Community

CommonBond Goes to Ghana: Committed to Driving Change

This is the second in a series of three blog posts from each of the CommonBond borrowers who joined us on our trip to Ghana with Pencils of Promise. We asked each of them to write about their experience. 

Name

Jason Bailey 

School/Grad Year

Duke University, Fuqua School of Business, Class of 2012 

Favorite Moment of the Trip

Witnessing the pre-build phase of school development. I loved that I saw the entire community involved in the early stages of construction.

Jason's Story

A lot of people have a point of view, a vision on how things should be, but how many of us actually put our resources and efforts towards seeing that world view come to fruition? My trip with CommonBond and Pencils of Promise (PoP) provided me with an opportunity to see what happens when people commit to driving the change they want to see. I’ve had two weeks to digest my awesome experience in Ghana and I am excited to share my thoughts with the rest of the CommonBond community.

Impact 

It is easy to witness how PoP is changing lives all across eastern Ghana. I watched children proudly read aloud, sing educational songs and tackle tough vocabulary words in sturdy and well-designed classrooms. I witnessed passionate teachers, equipped with new engagement techniques confidently lead children in lessons on long division, geometry and fractions. For these farming and fishing communities I saw a new world of opportunities open up for future generations.

Like most things in life, it is not just what you do but how you do it. PoP is establishing true partnerships with the communities that they serve. In observing the interactions with local chief's and village elders I saw a level of mutual respect that I couldn't help but admire. In enlisting the help of local men and women to weigh in on design decisions, organize materials and build cement blocks, PoP ensures that these communities can help to create a brighter future for their children.

Reality check

Under the cover of a mango tree, I saw 20 eighth-graders discuss what would happen if a neutrally charged atom lost an electron. I watched as the teacher drew a diagram on a makeshift chalkboard, made from a spare piece of slate that had been leaned against the trunk of the tree. This wasn't a case of students leisurely enjoying the bright and warm Ghanaian sun. This was their actual classroom. This is where they learned whether rain or shine.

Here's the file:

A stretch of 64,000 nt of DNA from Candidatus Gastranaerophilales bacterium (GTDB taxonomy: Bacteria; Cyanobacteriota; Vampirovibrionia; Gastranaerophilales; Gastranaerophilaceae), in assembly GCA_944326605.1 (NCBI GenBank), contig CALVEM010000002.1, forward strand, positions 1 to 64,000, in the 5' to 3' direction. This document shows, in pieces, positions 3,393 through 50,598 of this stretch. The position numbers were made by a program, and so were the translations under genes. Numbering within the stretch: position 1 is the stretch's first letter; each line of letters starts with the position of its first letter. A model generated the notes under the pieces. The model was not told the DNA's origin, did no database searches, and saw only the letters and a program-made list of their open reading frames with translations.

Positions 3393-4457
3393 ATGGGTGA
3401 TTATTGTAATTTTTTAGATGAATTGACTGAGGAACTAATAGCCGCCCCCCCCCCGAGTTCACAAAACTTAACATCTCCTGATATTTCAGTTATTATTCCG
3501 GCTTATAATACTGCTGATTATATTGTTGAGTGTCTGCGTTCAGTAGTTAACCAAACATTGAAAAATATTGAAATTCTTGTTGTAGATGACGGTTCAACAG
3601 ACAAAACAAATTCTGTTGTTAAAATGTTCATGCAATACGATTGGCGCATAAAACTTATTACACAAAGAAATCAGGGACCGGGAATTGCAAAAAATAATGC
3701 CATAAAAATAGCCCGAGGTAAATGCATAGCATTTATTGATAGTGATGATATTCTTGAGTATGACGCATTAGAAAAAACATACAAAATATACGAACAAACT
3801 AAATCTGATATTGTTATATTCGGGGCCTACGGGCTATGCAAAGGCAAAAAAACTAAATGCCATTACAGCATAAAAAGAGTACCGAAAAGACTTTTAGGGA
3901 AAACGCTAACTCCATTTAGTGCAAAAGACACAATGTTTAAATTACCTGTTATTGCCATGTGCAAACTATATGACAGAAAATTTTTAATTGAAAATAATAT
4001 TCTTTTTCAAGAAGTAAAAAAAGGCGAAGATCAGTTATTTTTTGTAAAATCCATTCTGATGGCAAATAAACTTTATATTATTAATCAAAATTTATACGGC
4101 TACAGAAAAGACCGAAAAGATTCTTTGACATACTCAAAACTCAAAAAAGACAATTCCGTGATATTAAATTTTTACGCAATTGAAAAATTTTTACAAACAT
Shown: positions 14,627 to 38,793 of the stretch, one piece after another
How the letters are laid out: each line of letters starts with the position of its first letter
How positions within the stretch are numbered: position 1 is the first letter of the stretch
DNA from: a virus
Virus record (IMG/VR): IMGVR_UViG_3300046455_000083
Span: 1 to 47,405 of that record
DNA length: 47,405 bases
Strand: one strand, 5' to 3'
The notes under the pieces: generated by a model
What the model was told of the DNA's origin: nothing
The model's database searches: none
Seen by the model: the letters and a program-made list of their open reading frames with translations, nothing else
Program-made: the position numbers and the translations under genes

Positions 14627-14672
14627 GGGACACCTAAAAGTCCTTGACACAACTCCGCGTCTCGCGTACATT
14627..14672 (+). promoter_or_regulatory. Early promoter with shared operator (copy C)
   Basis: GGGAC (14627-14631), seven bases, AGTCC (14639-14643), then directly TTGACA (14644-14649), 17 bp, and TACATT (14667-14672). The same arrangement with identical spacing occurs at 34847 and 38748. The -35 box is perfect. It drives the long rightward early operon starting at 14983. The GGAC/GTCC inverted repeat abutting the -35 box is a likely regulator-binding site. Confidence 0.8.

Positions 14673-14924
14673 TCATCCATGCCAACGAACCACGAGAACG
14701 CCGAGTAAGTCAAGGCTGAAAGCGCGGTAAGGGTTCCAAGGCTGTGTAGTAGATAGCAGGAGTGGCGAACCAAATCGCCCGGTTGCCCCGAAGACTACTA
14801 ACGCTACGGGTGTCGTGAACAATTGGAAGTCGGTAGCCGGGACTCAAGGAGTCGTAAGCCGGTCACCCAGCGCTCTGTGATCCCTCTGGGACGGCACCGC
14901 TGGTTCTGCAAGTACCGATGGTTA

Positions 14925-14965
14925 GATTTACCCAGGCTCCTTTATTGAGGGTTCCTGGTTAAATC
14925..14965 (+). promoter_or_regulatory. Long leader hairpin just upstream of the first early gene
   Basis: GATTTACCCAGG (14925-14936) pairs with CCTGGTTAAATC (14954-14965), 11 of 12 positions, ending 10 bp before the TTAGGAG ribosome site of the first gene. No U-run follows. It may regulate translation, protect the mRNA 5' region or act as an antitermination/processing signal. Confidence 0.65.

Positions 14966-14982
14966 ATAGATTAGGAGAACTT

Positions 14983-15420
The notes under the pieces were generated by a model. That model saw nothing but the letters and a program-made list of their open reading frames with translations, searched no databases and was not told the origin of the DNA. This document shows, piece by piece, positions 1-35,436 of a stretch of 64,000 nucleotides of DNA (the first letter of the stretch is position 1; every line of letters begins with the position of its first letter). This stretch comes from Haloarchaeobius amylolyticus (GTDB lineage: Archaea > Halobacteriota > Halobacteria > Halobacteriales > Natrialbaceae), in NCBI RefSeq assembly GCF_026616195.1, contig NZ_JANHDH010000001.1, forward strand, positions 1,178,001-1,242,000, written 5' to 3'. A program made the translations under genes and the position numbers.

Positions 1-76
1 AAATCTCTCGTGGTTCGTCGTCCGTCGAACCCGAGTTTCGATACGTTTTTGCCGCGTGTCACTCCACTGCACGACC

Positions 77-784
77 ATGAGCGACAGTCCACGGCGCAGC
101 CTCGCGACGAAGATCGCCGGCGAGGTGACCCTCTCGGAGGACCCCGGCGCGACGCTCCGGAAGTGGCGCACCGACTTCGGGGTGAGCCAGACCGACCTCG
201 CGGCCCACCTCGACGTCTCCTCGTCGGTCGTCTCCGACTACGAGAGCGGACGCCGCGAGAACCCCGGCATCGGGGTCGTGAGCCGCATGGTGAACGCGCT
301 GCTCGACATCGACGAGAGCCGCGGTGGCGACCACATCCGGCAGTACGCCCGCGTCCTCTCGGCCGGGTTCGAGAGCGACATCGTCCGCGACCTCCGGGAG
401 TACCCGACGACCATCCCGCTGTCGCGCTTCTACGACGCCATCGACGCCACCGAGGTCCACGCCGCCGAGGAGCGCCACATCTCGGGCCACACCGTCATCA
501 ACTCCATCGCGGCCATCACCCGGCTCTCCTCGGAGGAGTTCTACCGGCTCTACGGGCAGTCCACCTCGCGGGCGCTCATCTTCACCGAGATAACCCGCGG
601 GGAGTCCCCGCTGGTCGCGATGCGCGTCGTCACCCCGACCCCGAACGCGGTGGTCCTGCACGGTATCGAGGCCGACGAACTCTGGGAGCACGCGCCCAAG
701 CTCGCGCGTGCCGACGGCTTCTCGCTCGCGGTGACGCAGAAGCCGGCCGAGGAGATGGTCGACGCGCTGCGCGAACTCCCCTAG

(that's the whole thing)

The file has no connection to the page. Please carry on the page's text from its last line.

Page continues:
Besides trying desperately to keep up with the conversation, I was amazed at how attentive and eager these students were to demonstrate their mastery of the material, despite the obvious lack of resources. Honestly, I felt a bit self-conscious as I realized that my daily complaints about slow Internet bandwidth epitomized a First World problem.

Community

The biggest compliment that I can share about the CommonBond and PoP teams are that they are good and decent people. Sometimes when you get ambitious, smart, type-A people together personalities can clash. However, I can honestly say that I haven't had so many refreshing, stimulating conversations in quite some time.

What was equally impressive was the CommonBond team's willingness to solicit feedback, entertain ideas, and address concerns from the three borrowers on the trip. CommonBond credits an awesome customer experience as a key differentiator for the company. If the hospitality and generosity I witnessed on the trip are any indication, I am confident that the company will continue to experience success way into the future.

I want to reiterate my sincere gratitude to the CommonBond and Pencils of Promise teams for the wonderful experience.  It was an eye-opening and truly inspiring life experience and I am proud to be part of a community that is doing great things for people around the world.

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